News | Published November 23 2019

McDonnell: IFS "wrong" to say Labour’s tax plans are "not credible"

Labour shadow chancellor John McDonnell has said that the Institute for Fiscal Studies “got it wrong” when its director Paul Johnson said that Labour’s tax plans to fund its spending pledges were not viable.

McDonnell rejected the notion that wider tax increases than what Labour is promising would be required to fund their spending plans, reiterating that 95 per cent of people would not be required to pay any more tax.

He also dismissed the idea that an increase in corporation tax could force higher prices and push wages down.

Speaking to BBC Radio Four, McDonnell said: "I've a great deal of respect for the IFS... I just think they've got it wrong on this one.

"What we're saying is in terms of income tax, yes the top five per cent will pay a bit more - and actually not a great deal more but they'll pay a bit more. The [other] 95 per cent of earners will not pay an increase in the income tax rates or in VAT or in National Insurance.”

Some of Labour’s spending plans include a £75 billion housing programme and bringing the railways, mail system, water and energy back into public ownership. Its manifesto says that all of this will be funded by higher taxes on the highest earners and abolishing corporation tax breaks.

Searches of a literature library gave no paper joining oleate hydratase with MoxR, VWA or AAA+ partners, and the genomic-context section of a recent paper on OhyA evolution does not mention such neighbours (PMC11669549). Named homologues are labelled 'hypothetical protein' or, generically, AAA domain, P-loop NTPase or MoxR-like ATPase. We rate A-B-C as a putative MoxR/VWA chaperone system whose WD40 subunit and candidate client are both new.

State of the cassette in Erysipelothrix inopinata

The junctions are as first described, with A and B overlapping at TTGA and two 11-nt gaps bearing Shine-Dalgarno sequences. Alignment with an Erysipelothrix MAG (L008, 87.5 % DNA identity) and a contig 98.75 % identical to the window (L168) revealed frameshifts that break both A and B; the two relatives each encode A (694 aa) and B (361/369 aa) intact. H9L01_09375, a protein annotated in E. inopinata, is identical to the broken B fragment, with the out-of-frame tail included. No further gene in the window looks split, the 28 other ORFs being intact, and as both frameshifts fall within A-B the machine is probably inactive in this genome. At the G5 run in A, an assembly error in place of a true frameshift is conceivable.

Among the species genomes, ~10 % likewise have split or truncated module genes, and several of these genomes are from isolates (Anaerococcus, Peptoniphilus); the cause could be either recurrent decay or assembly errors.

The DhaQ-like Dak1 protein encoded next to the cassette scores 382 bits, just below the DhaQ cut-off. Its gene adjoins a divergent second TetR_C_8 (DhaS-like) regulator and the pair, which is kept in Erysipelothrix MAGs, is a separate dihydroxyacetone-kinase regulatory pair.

However, IFS director Paul Johnson said it would be “extremely hard” to “deliver anything like this scale of increase in capital spending, at least in the near-term, certainly in an efficient and cost-effective way.”

Addressing Johnson’s concerns, McDonnell said: "With the structural changes we will make in the economy, we'll make sure that actually the corporations themselves do not take that easy option of cutting wages or rising prices, but actually because we're democratising the way these corporations work and are more accountable, they will actually invest in their companies.

"Instead of being driven by short-term profiteering and shareholder interest only, they will think for the long term, invest and grow the economy.”

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Authored by

Scott Challinor
Business Editor
November 23 2019

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